One in five adults who do not have internet access at home are likely to sign up in the next six months, according to research from Ofcom.
The research looks at the reasons why 30% of UK adults do not have the internet at home and the barriers which prevent them from taking it up in the future.
The research follows the recent Communications Consumer Panel research that revealed that many people already regard broadband as an essential service at home similar to gas and electricity.
Those intending to get the internet in the next six months are more likely to be younger and working, use the internet already outside of the home and have children.
The main reasons cited for getting internet access is for information or to source information (36%) followed by social networking (26%), keeping up with technology (25%) and because friends and family recommended it (25%).
It comes ahead of the Government's Digital Britain report to be published before the summer, which will develop the idea of universal broadband in the UK.
The research also identified two main groups of people without the internet who do not plan to access the internet at home. These were the self excluded, who tended to be older and retired, and the financially excluded, who simply can not afford it.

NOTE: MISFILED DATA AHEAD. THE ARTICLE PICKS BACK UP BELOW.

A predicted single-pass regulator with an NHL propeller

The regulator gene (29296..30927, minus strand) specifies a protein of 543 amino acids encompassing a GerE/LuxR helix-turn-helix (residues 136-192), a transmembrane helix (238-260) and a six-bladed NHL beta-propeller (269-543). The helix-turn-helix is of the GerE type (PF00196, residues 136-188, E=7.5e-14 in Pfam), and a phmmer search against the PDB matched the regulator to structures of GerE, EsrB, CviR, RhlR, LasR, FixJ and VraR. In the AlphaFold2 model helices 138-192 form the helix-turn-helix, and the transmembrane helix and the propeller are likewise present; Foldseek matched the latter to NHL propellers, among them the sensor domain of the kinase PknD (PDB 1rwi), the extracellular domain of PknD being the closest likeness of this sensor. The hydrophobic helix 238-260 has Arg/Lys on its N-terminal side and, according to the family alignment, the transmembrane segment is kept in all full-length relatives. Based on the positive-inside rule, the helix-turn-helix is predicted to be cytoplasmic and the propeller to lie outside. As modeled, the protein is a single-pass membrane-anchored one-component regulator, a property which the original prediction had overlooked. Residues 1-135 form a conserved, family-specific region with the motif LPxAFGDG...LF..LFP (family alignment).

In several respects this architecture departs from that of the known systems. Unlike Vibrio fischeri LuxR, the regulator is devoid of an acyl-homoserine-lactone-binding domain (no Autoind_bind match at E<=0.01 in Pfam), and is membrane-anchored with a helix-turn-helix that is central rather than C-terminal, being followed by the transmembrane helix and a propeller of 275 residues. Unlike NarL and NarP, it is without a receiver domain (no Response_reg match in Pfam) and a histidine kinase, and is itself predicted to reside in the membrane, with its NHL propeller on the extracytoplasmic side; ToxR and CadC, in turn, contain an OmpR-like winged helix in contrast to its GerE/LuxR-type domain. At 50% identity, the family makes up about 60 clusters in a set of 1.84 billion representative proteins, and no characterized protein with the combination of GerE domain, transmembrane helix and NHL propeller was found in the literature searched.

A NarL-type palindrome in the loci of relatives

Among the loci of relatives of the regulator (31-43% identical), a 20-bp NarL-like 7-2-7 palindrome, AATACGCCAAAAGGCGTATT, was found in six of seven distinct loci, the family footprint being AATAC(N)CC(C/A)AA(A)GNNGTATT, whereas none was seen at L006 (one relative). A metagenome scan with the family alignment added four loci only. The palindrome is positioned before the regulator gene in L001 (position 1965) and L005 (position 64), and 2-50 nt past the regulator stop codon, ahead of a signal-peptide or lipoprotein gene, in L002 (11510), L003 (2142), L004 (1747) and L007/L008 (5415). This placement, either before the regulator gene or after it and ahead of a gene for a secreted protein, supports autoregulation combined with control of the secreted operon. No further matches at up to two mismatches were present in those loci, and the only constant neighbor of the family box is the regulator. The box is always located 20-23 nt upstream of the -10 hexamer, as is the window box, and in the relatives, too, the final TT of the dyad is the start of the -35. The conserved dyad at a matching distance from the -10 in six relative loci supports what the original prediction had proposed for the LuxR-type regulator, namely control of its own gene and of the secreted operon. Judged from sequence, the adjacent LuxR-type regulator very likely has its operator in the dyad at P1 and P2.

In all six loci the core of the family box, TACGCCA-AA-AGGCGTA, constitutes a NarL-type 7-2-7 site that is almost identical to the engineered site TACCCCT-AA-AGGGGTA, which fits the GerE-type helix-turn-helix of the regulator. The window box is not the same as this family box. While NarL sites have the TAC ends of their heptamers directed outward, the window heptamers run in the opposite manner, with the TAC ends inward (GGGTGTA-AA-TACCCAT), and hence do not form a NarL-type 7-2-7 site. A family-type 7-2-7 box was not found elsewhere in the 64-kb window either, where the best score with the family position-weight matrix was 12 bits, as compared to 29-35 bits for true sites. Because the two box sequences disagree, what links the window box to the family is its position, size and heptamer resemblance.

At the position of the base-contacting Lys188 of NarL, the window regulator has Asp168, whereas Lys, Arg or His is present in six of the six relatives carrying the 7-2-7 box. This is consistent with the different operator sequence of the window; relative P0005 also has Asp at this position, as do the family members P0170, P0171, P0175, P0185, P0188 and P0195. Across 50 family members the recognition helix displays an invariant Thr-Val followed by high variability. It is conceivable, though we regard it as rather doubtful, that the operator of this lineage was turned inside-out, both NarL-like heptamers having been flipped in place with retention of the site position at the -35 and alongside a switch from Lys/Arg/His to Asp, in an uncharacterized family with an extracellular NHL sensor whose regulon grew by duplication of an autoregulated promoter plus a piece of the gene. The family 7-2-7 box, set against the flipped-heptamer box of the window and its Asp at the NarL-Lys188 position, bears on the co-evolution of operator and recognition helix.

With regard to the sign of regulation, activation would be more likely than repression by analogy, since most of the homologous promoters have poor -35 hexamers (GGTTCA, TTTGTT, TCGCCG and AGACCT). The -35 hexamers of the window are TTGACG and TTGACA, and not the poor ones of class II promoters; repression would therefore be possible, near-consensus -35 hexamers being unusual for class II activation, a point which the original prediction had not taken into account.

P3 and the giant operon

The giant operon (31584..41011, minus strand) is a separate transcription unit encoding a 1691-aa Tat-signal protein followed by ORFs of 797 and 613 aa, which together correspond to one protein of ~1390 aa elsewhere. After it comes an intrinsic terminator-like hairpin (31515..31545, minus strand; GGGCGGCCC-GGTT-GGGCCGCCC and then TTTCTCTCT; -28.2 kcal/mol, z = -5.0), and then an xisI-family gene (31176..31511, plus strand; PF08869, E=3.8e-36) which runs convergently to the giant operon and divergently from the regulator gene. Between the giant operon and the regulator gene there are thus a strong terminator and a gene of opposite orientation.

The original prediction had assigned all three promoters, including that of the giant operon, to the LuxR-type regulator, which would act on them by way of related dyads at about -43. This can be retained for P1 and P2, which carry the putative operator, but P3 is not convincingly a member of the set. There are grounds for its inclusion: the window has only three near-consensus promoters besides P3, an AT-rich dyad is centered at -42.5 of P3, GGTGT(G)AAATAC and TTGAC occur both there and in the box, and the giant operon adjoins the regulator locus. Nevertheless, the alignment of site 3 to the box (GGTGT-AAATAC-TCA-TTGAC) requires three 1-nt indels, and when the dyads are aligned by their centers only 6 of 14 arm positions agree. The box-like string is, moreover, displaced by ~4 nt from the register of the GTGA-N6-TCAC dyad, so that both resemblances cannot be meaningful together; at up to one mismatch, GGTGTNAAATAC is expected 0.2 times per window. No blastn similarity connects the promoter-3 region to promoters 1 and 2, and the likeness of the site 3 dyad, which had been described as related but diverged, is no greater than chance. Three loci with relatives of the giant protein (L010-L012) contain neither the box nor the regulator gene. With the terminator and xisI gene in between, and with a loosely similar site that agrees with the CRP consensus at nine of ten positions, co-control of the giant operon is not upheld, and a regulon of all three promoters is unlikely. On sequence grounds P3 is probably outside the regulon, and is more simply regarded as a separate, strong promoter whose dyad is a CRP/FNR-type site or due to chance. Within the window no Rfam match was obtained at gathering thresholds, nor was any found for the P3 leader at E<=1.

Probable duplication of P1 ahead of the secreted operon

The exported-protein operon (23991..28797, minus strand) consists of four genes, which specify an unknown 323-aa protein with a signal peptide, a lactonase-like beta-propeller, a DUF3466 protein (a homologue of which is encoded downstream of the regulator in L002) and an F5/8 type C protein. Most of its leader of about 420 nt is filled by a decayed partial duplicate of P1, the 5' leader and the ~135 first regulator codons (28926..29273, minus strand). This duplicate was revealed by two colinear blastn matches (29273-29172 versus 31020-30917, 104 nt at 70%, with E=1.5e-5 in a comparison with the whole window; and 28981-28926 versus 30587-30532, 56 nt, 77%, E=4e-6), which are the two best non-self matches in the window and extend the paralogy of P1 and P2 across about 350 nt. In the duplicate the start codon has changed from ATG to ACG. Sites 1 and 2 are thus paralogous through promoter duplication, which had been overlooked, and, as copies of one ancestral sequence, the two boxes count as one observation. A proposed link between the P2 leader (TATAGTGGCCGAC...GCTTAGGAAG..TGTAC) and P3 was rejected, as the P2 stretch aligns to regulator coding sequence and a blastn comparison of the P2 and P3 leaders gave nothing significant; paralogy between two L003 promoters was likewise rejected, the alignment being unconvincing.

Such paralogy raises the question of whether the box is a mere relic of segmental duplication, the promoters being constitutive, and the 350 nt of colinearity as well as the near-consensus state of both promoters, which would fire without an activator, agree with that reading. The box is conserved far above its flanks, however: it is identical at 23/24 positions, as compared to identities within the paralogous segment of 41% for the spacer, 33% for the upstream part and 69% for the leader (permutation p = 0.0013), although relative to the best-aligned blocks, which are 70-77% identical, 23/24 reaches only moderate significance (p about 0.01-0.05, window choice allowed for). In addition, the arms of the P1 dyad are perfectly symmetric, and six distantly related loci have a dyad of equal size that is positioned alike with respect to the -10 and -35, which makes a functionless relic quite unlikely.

Among the self-excluded 61% had never used a computer and many said they felt too old or believe it is for younger people.
Thirty per cent of adults said their main reason for not accessing the internet at home was that it was too expensive or they did not have the knowledge or skills to use it.
Peter Phillips, Ofcom's partner for strategy and market development, said "Broadband is becoming increasingly important to peoples' ability to participate in the economy and society.
"The research shows some genuine opportunities for policy makers wishing to drive take up of internet services.
"But it also shows that some creativity will be required if we wish to capture the imaginations of those who have yet to engage with the benefits the internet may bring."
The full report can be accessed on the Ofcom website.
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